The Dow Jones Industrial Average’s 12-day winning streak wasn’t extended to a 13th session, leaving it just shy of tying a 1987 record. The S&P 500 ended the day down 0.26%, closing at 2,363.64 following a disappointing second reading on the fourth-quarter’s GDP growth rate. Economists were expecting the pace to improve from the first look to a rate of 2.1%, but it didn’t change from the initial estimate of 1.9%. That lower-than-expected growth pace put some of the air out of the market’s tires.
Here’s what wrecked these three names on Tuesday.
Perrigo Company plc Ordinary Shares (PRGO)
It’s not clear exactly which piece of news did the most damage to shares of biopharma company Perrigo Company on Tuesday. It may have been the disappointing 2017 outlook, or it may have been the fact that it’s selling its royalty rights on multiple sclerosis drug Tysabri. Realistically speaking though, it was arguably a little of both announcements that sent PRGO to the depths. It closed down by low than 11.7% today.
The announcement came after Monday’s closing bell rang — Perrigo Company believes it will report 2016 earnings of between $7.10 and $7.25 per share, topping its own previously stated guidance, and easily surpassing estimates for a profit of $6.95 per share of PRGO. But, the 2017 revenue outlook of between $5 billion in $5.2 billion did not compare favorably to the $5.5 billion top line PRGO shareholders had been expecting.
Charles Schwab Corp (SCHW)
At the beginning of the month, online brokerage firm Charles Schwab reduced its trading commissions from $8.95 per trade to only $6.95, sacrificing margins with the aim of gaining market share and gaining volume. As it turns out, the maneuver started a price war the firm may not have actually wanted to start.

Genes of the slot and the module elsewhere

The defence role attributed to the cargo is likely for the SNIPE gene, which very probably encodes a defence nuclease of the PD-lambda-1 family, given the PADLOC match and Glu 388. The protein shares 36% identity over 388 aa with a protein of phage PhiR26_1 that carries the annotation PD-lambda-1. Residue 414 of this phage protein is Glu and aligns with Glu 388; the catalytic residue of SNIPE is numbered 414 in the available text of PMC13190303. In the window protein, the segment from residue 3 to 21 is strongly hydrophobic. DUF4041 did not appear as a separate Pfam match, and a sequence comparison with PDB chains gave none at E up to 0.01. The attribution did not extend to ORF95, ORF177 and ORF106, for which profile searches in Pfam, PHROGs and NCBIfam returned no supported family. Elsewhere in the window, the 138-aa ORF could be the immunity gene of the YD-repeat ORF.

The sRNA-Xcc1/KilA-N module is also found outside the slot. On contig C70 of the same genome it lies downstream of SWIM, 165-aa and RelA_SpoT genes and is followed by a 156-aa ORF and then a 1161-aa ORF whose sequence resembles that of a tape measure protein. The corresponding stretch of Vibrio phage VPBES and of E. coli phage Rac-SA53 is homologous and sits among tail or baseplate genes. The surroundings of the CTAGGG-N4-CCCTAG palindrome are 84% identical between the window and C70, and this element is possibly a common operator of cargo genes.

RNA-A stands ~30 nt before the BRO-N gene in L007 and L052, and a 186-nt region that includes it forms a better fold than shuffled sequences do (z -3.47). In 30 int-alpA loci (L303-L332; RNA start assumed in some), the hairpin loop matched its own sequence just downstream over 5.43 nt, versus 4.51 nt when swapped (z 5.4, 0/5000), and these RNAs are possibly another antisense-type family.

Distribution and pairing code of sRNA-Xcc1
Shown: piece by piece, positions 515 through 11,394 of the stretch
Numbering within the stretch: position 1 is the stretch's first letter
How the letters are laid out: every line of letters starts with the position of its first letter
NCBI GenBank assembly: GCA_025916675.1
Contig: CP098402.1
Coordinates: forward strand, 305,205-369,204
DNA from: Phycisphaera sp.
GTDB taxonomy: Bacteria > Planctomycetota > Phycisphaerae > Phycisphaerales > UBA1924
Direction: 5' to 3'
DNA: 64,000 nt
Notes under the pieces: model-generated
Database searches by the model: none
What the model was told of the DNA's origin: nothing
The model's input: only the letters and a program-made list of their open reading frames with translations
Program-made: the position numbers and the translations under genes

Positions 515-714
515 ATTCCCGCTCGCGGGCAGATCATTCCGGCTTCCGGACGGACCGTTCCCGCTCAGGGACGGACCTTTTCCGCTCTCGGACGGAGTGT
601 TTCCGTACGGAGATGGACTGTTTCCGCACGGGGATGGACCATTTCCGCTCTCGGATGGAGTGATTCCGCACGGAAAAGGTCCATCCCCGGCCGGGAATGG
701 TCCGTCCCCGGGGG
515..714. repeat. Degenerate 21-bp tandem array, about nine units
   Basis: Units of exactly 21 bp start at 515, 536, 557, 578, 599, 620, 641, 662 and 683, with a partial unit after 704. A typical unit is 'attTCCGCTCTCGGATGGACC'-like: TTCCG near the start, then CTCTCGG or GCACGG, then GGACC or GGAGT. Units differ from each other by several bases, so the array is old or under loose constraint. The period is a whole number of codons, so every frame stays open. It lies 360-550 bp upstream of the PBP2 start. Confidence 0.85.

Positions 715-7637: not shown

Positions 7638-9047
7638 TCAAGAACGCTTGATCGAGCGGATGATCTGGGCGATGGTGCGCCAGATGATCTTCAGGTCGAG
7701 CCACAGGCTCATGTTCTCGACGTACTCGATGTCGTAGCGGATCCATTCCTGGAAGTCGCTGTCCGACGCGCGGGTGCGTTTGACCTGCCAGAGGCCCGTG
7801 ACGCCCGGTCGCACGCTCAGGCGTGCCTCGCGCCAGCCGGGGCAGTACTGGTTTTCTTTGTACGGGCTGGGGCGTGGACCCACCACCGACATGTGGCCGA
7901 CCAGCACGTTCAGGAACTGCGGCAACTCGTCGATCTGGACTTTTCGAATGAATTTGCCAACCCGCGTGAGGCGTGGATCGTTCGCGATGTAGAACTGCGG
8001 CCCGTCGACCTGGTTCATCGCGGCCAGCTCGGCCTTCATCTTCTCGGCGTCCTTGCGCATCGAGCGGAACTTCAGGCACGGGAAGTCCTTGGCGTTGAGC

In response to Schwab’s move, rival Fidelity lowered its commissions from $7.95 per transaction to only $4.95 per trade. Schwab can either respond or run the risk of losing market share. Either way, SCHW took a 3.2% hit on Tuesday.
Charles Schwab shares weren’t actually the biggest loser of the bunch today. That dubious honor belongs to TD Ameritrade Holding Corp. (NASDAQ:AMTD), which closed down to the tune of 10.4%, as the company has been mostly sitting out a price war. In terms of total market cap lost though, the much larger Charles Schwab company earned a spot on the daily ‘Worst 3’ list.
Valeant Pharmaceuticals Intl Inc (VRX)
With just a passing glance at the headlines, Valeant Pharmaceuticals should arguably the top today. The biopharma company topped its Q4 earnings estimates, which is usually a bullish event. Nevertheless, VRX shares ended the day down 13.9% for one overarching reason. That is, investors just didn’t get a warm, fuzzy feeling from the company’s outlook for the coming year.
For the quarter ending in December, Valeant earned $1.26 per share on revenue of $2.4 billion. Analysts were only looking for a top line of $2.3 billion, and profits of $1.20 per share of VRX. The company’s 2017 outlook is encouraging too … sort of. Valeant anticipates a top line of between $8.9 billion and $9.1 billion, versus analyst expectations of $8.9 billion. The EBITDA outlook, though, fell markedly short of the consensus view.
Shareholders also struggled with optimistic sales outlooks for the year currently underway without any company acknowledgement of, or explanation for, why most of its brands could fairly poorly last year.
As of this writing, James Brumley did not hold a position in any of the aforementioned securities.